Jewish World Review Jan. 8, 2003 / 14 Teves, 5764

Jack Kelly

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Giving the Prez's critics an undeserved pass | Americans give more credence to news stories than we know we should, thanks to the Murray Gell-Mann Amnesia Effect, said Michael Crichton, the physician turned novelist and screenwriter.

"You open the newspaper to an article on some subject you know well," Crichton said in a speech in April, 2002. "In Murray's case, physics. In mine, show business. You read the article and see the journalist has absolutely no understanding of either the facts or the issues. Often, the article is so wrong it actually presents the story backward - reversing cause and effect.

"You read with exasperation or amusement the multiple errors in a story, and then turn the page to national or international affairs, and read as if the rest of the newspaper was somehow more accurate about Palestine than the baloney you just read. You turn the page, and forget what you know."

"In ordinary life, if someone consistently exaggerates or lies to you, you soon discount everything they say," Crichton said. "But when it comes to the media, we believe against evidence that it is probably worth our time to read other parts of the paper. When, in fact, it almost certainly isn't."

Many pundits owe their careers to the Murray Gell-Mann Amnesia Effect. Why else would we still be listening to those who predicted the wars in Afghanistan and Iraq would be "quagmires" - military disasters for the United States which would produce thousands of civilian deaths, tens of thousands of refugees, and angry mobs overthrowing governments throughout the Arab world?

The bulk of Crichton's speech was a criticism of the news media's tendency to speculate. Because journalists have such difficulty getting the present and the past right, they ought not to devote so much effort to predicting the future, which no mortal can do.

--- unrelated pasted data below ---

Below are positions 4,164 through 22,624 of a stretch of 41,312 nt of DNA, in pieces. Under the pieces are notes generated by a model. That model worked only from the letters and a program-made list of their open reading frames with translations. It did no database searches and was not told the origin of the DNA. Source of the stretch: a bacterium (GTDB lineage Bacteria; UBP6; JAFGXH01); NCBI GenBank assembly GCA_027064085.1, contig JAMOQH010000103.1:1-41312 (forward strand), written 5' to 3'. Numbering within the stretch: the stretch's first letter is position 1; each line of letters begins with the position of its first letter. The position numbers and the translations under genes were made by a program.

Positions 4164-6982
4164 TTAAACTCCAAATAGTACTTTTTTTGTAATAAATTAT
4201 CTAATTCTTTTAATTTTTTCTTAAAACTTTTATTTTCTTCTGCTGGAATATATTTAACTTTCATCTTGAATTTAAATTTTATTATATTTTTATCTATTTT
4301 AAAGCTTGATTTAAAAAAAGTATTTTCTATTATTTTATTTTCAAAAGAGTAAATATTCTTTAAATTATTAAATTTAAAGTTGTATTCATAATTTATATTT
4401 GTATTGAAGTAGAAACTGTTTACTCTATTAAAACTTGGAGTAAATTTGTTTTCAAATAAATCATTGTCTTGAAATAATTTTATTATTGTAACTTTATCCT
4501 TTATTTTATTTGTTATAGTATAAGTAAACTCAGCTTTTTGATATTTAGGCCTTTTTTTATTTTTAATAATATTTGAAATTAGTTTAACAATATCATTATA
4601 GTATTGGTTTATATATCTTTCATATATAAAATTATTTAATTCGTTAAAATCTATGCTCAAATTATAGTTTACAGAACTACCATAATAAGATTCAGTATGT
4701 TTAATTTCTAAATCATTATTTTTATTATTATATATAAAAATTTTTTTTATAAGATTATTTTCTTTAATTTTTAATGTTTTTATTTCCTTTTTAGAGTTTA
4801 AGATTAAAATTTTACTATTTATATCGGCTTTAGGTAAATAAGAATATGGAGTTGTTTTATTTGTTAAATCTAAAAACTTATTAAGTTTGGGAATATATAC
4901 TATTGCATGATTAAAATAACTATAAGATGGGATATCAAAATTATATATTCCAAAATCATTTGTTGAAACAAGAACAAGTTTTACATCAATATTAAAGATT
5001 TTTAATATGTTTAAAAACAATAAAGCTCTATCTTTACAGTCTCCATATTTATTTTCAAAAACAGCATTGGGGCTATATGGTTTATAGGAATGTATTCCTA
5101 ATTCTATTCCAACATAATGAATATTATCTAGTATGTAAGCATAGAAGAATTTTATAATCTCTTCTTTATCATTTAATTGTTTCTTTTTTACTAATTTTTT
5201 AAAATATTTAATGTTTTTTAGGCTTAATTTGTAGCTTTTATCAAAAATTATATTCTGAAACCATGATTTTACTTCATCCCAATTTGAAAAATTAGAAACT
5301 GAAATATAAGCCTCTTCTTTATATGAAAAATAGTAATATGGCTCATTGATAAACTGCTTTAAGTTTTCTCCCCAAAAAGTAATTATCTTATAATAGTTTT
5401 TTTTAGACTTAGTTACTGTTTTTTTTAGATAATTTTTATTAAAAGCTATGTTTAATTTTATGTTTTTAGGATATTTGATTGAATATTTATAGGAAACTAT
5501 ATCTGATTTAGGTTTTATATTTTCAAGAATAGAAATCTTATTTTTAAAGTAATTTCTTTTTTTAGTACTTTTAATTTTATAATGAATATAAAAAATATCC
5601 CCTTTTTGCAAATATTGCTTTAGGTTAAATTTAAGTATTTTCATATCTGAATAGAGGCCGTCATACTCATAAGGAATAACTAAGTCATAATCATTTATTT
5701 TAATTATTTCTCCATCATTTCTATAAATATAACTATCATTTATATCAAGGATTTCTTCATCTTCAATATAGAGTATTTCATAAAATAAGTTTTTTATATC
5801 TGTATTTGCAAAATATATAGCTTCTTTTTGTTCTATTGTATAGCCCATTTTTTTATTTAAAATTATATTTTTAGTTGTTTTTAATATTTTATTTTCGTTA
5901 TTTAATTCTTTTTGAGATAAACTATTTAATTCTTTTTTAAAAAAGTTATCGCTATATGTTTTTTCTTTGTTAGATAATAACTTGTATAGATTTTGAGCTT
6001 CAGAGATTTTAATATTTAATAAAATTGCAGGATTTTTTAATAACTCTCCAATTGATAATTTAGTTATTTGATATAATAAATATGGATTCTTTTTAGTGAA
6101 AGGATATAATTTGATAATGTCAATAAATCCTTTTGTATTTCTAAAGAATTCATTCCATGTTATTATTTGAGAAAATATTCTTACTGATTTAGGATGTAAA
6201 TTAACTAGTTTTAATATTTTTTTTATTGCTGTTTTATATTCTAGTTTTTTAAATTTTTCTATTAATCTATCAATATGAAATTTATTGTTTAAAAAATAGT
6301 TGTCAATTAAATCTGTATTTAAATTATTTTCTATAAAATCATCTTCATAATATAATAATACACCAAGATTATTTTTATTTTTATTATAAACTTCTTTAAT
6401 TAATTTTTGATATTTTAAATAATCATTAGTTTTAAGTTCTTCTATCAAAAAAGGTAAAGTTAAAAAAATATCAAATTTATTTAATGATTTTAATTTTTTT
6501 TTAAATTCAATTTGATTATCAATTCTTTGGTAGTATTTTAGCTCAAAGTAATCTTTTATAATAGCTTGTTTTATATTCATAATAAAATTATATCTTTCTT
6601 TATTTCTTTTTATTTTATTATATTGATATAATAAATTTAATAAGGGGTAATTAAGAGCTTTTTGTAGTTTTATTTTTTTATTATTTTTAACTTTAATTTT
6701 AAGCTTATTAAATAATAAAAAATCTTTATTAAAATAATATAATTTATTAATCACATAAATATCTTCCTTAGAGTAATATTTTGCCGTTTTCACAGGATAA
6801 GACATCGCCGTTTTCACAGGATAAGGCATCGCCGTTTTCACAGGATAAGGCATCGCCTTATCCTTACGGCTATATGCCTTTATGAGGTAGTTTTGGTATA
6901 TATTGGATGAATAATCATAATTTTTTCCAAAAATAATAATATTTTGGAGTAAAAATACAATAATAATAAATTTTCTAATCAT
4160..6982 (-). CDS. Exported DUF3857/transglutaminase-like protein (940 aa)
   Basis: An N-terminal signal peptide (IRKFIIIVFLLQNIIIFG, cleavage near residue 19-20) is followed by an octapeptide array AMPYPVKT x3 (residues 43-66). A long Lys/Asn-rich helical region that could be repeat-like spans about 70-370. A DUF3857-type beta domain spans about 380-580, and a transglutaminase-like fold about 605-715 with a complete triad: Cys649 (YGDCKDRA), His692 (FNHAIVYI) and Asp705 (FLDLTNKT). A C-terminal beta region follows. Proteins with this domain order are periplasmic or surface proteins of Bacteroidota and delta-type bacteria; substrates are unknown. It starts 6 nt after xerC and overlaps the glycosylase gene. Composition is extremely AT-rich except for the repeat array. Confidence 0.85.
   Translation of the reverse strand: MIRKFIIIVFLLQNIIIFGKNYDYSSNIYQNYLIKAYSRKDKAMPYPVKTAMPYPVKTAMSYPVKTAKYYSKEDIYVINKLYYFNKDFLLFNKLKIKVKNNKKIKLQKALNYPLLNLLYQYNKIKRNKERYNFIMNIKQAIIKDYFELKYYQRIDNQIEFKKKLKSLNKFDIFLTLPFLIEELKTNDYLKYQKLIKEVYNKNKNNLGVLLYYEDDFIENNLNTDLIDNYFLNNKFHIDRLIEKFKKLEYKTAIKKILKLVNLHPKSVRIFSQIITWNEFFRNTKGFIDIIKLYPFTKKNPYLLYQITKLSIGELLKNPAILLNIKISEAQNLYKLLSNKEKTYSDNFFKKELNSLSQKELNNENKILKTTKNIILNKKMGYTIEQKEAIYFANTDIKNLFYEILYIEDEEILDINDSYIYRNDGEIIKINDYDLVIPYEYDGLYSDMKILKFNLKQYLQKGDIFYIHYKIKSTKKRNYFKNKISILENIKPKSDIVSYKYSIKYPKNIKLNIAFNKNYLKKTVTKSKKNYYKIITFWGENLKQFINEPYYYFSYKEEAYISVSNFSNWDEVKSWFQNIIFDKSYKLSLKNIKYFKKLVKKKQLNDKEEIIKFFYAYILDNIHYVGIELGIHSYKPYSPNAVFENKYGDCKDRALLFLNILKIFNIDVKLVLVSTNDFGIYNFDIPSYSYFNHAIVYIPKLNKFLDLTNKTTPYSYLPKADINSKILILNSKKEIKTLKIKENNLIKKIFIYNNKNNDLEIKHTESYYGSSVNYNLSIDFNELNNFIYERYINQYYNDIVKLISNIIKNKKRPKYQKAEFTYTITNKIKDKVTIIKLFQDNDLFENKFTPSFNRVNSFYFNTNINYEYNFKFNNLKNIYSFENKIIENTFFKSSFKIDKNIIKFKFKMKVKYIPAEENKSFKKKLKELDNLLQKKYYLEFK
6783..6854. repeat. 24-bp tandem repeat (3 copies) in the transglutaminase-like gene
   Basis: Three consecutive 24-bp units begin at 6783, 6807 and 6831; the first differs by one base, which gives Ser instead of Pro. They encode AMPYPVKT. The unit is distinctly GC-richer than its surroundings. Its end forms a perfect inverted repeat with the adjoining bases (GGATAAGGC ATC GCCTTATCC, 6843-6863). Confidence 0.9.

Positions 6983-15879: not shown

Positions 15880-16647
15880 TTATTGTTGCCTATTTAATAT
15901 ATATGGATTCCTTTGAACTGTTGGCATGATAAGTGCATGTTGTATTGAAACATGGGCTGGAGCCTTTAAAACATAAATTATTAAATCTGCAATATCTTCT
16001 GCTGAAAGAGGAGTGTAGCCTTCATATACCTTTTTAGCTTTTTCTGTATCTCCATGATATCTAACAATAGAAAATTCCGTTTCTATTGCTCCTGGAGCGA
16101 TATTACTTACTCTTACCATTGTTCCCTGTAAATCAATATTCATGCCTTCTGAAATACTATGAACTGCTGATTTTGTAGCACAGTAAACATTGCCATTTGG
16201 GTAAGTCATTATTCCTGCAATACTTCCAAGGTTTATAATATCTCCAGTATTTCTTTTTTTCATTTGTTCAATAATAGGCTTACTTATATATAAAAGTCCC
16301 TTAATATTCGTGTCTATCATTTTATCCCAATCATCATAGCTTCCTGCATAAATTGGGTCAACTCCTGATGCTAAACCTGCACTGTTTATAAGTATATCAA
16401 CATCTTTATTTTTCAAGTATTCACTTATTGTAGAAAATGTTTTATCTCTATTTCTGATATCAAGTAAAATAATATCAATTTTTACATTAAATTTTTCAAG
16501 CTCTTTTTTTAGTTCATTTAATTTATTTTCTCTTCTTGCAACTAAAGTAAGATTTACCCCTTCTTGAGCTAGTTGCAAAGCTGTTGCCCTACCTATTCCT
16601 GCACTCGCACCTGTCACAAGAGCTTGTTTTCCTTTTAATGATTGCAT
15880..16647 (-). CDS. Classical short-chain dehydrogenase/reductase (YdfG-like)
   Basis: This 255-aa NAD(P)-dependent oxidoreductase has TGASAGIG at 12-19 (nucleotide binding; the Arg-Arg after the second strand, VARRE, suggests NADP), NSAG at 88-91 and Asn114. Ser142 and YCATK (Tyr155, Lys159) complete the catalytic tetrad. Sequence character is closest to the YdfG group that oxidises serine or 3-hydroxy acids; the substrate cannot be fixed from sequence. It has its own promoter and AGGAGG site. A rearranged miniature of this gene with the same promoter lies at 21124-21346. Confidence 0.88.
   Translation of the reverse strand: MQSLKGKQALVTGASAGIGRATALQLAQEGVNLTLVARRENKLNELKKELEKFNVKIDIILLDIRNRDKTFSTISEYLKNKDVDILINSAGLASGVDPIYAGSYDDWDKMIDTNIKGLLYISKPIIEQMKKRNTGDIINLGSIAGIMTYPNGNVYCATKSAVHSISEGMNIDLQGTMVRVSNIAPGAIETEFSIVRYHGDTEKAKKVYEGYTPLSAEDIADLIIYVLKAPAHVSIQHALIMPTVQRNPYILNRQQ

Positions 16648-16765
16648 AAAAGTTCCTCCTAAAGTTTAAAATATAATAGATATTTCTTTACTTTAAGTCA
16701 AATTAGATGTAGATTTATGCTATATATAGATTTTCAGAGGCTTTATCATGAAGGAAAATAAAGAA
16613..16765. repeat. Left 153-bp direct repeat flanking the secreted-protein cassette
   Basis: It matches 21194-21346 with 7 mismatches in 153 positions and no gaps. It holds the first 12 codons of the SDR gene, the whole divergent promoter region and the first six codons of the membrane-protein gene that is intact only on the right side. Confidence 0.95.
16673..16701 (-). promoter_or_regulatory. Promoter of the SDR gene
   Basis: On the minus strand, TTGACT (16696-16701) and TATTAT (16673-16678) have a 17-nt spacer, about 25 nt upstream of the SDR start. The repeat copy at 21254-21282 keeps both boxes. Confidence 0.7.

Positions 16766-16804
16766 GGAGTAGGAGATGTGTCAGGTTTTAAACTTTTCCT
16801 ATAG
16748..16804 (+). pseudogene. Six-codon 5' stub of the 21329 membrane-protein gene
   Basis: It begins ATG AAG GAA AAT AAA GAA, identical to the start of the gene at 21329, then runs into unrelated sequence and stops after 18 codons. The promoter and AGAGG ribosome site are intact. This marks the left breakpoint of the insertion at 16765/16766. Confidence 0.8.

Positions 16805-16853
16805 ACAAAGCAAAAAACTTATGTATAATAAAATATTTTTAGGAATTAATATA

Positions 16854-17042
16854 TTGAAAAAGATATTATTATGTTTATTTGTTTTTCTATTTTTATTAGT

An example of getting the present and the past wrong is the now common assertion that the biggest mistake the U.S. has made in the occupation of Iraq was the demobilization of the Iraqi army. Even the esteemed Charles Krauthammer has repeated this canard.

The point isn't whether it would have been a good idea or a bad idea to keep Saddam's army around. The point is that there was no Iraqi army to keep around, a fact which journalists could easily have ascertained, had they been willing to interrupt their speculation with a little reporting.

"By the time coalition forces reached Baghdad, Hussein's army had ceased to exist," said Walter Slocombe, under secretary of defense for policy during the Clinton administration. "There was not a single organized unit intact when major combat ended. All Iraqi soldiers who survived had, in the Pentagon's jargon, self-demobilized."

When the Iraqi soldiers deserted, they took with them all military gear worth stealing. What little they left behind was looted by civilians from abandoned base camps.

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But had there been an Iraqi army after April 7, it would have been a bad idea to rely on it to help rebuild Iraq, as Slocombe, now the director of national security and defense for the Coalition Provisional Authority, explained in the Washington Post Nov. 5.

Below the officer level, Saddam's army consisted of badly paid, horribly mistreated, mostly Shi'ia conscripts who hated their officers.

"They certainly weren't going to heed the call of their officers to return, and we were not about to send press gangs out to round them up," Slocombe said.

The officer corps was comprised almost exclusively of Sunni Muslims chosen more for their loyalty to Saddam than for their military competence. And the officer corps was unbelievably bloated. Saddam's army was about the same size as the U.S. Army, but had 11,000 generals to America's 307; 14,000 colonels to the U.S. total of 3,500.

The CPA had no choice but to build a new Iraqi army, with officers vetted for competence and loyalty, and more representative of the ethnic and religious diversity of the population.

The CPA has made mistakes in its administration of Iraq. But it has made fewer, and far less egregious mistakes than its critics have. But - thanks to the Murray Gell-Mann Amnesia Effect, the critics are given an undeserved pass.

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JWR contributor Jack Kelly, a former Marine and Green Beret, was a deputy assistant secretary of the Air Force in the Reagan administration. Comment by clicking here.

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